The wildfires burning across parts of Western Canada this summer are horrendous for countless reasons: the loss of property, impact on the environment, and stress on those forced to evacuate.
But there is also one other impact that is often missed – the impact on home insurance. This holds true for other natural disasters, not just wildfires. It could be floods, landslides, snowstorms, hail storms, tornadoes, and other such acts of nature.
Most home insurance policies do cover damage from forest fires or wildfires (although some may include a clause about whether the fire originated on your property). That means most of the victims in the devastating wildfires in Lytton, B.C. should be compensated as long as they had insurance.
But there are a few considerations. If you live in a wildfire zone, your premiums are likely to be higher due to the higher risk. That’s true for anyone living in an area with known natural risks and is just one of many considerations insurance companies make when assessing a new customer.
The problem arises when you try to purchase a new home insurance policy in an active wildfire zone. By the time an area is put under evacuation notice, it is too late. When a region is already on fire, the risk of property damage or loss becomes an almost certainty that no company wants to take on. Some insurance companies won’t finalize a policy if there are active fires within a certain distance – one company, for example, doesn’t offer wildfire protection if there is a fire within a 50-kilometer radius. In British Columbia this summer, that excluded many homeowners.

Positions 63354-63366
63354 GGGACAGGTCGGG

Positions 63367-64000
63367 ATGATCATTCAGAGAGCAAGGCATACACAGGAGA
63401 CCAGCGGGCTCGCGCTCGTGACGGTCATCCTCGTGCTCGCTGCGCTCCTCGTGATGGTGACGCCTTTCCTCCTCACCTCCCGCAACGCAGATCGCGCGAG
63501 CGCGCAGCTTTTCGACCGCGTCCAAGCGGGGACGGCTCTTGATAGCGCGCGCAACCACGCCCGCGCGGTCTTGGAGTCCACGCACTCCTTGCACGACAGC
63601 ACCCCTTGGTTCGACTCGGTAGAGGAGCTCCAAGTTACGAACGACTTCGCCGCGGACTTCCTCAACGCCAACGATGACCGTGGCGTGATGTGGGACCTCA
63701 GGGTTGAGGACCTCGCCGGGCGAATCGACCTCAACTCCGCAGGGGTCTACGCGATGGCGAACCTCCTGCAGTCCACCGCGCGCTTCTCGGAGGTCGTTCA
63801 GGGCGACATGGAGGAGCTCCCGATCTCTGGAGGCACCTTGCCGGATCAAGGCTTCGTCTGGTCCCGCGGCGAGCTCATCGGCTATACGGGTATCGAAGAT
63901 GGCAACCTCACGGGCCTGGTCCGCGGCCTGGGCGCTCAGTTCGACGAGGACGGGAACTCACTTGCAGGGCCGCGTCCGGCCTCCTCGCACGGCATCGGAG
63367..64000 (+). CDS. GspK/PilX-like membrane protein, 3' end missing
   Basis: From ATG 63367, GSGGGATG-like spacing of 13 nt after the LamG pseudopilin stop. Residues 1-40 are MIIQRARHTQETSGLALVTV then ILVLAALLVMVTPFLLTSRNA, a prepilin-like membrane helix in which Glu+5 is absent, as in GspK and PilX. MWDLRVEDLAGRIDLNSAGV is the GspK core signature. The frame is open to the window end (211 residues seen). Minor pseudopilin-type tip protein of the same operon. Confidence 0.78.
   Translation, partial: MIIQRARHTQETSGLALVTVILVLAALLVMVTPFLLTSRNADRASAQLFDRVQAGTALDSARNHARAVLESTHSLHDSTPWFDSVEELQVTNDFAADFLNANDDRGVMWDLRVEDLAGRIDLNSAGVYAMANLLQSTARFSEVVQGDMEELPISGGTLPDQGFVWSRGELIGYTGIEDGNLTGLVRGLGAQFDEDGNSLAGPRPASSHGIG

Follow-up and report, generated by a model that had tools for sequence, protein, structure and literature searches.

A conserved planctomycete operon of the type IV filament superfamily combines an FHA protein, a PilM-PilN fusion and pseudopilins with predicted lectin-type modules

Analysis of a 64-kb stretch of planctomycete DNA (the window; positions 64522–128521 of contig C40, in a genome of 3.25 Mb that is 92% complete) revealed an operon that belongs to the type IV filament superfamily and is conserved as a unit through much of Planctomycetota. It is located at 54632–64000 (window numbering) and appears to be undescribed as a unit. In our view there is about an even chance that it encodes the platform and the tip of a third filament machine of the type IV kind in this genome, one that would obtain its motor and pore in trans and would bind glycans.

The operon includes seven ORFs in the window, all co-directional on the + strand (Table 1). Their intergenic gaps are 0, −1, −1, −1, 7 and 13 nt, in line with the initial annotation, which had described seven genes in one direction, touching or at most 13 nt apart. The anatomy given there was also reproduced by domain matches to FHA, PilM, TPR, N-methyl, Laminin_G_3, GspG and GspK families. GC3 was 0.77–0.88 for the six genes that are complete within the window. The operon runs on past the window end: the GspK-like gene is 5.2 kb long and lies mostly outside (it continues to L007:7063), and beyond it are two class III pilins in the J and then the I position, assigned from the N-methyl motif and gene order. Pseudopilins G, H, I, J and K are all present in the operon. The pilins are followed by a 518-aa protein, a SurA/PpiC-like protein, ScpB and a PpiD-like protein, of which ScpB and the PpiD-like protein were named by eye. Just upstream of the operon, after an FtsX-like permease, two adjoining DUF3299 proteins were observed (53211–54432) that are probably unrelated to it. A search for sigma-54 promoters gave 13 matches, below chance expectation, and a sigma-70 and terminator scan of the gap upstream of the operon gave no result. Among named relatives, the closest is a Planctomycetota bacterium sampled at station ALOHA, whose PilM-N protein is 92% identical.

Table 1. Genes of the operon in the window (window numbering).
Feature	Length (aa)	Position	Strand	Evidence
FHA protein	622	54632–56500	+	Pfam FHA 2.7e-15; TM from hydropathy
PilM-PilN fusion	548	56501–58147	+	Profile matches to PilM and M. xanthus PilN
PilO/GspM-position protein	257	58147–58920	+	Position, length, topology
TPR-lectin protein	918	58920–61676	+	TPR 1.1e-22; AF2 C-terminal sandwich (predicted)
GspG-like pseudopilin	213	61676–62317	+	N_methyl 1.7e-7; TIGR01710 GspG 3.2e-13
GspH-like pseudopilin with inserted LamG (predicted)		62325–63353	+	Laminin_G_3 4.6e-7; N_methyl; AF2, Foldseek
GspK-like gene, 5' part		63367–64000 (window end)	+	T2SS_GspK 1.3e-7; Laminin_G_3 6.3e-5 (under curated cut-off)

There is a well-known story of a woman in Okanagan, B.C. who was trying to set up condo insurance, but was delayed for weeks due to ongoing wildfires. An hour after the woman signed her new policy, another fire started. If she had delayed at all before signing, she would not have been able to get insurance.
The lesson here is to make sure you have the right policy in place protecting your home as soon as you can – delaying can cost you.